27 November 2009

place o flight

Omarama, New Zealand. 14 November 2009

The first thing you see when entering the township of Omarama is a wooden sign that reads, "OMARAMA: PLACE OF LIGHT."  This morning, from a rusty weed-tickled bleacher stand, I counted nearly 50 sailplane trailers lining a field south of the town's airstrip.  It is the South Island Regional Gliding Championships, and pilots here are rewarded for cloud-hunting.  From my spot on the edge of town, I noticed more than a few lenticulars squirming above the mountains.

Omarama, as far as I can tell, spans an area slightly smaller than Sewanee's central campus.  It's a handful of establishments dribbled around a T-junction of highways.  A couple petrol pumps, a police station, general store, and two of the most active gliding clubs in this hemisphere. 


As the day wore on, I watched 28 gliders evaporate from the airstrip and materialize on Nursery Ridge.  They had some help: a couple '70-something Piper Pawnees and a Supercub from the previous decade.  The Pawnees were painted red and white, and looked like clowns that someone clapped in the head with a pair of cymbals.  Their task for the day involved caressing the neck of Mt. Aspiring, among others in the area.  All of this flying makes me think that they got the spacing wrong in their welcome sign.  Just bump the F forward, and you've got a proper welcome to Omarama...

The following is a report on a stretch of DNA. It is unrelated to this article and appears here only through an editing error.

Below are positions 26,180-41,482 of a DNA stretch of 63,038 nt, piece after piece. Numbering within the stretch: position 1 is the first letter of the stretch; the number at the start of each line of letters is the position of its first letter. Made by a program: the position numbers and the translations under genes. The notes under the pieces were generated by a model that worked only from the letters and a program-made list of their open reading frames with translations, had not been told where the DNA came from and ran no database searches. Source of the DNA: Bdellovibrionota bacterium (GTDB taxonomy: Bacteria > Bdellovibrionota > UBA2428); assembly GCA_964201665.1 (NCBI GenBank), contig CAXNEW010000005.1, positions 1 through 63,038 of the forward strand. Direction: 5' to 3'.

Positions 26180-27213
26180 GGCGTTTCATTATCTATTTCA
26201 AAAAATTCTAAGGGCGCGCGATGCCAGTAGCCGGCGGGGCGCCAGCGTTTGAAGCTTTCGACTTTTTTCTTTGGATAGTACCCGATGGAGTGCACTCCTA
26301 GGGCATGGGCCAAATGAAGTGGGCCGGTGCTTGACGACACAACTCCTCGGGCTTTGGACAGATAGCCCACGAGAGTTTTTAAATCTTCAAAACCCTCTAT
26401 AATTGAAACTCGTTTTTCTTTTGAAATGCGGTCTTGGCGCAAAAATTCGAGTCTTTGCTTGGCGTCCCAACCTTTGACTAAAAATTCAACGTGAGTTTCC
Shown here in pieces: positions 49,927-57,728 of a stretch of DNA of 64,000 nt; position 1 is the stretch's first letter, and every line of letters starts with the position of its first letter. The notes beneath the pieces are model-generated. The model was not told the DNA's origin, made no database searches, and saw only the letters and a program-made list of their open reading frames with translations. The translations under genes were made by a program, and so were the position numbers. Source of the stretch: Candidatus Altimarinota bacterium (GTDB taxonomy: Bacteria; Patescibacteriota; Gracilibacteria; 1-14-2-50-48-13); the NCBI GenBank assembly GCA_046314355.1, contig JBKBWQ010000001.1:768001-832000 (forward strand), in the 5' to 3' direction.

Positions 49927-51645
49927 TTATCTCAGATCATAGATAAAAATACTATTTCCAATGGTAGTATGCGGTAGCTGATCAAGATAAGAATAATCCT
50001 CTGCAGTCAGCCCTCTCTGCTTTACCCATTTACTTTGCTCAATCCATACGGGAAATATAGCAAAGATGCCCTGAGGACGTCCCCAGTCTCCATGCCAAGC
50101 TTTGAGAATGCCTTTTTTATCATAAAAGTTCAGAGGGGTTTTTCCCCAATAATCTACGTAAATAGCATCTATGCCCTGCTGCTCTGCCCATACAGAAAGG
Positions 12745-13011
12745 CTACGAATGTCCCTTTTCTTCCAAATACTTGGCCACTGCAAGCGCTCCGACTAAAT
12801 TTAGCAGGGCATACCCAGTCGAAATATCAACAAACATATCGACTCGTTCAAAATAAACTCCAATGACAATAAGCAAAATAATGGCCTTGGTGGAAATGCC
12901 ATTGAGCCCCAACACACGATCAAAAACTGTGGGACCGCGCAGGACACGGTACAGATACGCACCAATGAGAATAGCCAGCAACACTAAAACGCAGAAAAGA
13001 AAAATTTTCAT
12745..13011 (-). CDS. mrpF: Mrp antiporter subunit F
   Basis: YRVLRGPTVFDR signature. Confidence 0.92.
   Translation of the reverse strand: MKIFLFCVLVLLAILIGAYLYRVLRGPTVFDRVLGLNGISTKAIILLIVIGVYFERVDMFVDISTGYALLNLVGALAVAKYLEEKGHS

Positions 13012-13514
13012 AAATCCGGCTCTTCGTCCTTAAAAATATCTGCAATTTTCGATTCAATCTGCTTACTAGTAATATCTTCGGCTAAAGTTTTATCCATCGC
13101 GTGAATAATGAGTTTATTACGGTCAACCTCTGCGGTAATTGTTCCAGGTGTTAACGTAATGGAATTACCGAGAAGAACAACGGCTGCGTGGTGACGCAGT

07 November 2009

the lonely sea and the sky


near Taieri, New Zealand.

What is it about the sea and the sky that exudes such loneliness, and why despite the hollowness of that theater do we long to fling ourselves into it?

English poet laureate John Masefield captures it well in twelve lines.  His poem "Sea Fever" begins:

I must go down to the seas again, to the lonely sea and the sky,
And all I ask is a tall ship and a star to steer her by,
And the wheel's kick and the wind's song and the white sails shaking,
And a grey mist on the sea's face and a gray dawn breaking.

I must down to the seas again, for the call of the running tide
Is a wild call and a clear call that may not be denied;
And all I ask is a windy day with the white clouds flying,
And the flung spray and the blown spume, and the sea-gulls crying.

While broad tundras and dense forests and empty steppe offer parallel remoteness in some parts of the world, the sea and the sky bend solitude into an untenably alluring arena.  Open.  Free.  Unpeopled.  Directionless.

I am reading the autobiography of Francis Chichester, an early aviator and sailor, and I'm aching to fly again.  When I first arrived, I stopped by a one-room airport in Oamaru and took a 172 up over the gravelly braids of the Waitaki River in northern Otago.  I haven't been up since, although yesterday I received a package from home that contained a balsa wood airplane.  Almost as good.  Southwesterly winds were blowing a constant 30 knots and gusting to god-knows-what.  The balsa wings stayed in their  hangar. 

Next week, Omarama is hosting the South Island regional gliding championships. I'm headed that way with the only pair of wings I've got.

01 November 2009

sea-hopping



across the Tasman, my mind is aswirl with the possibilities of a new place.  Aotearoa. Land of the Long White Cloud.  Yesterday, the sky was raked with altocumulus before it bubbled over with shreds of wooly stratus from the south.  In the evening, lenticular clouds levitated above the hilltops like stacks of red blood cells.  Weather bolts across this place like a jet shadow over the ground.  I'm gathering pieces.  Today, I cross the Southern Alps to collect bits of the west coast from the Cascade Plateau.


Above, a piece of sky from Byron Bay, New South Wales.
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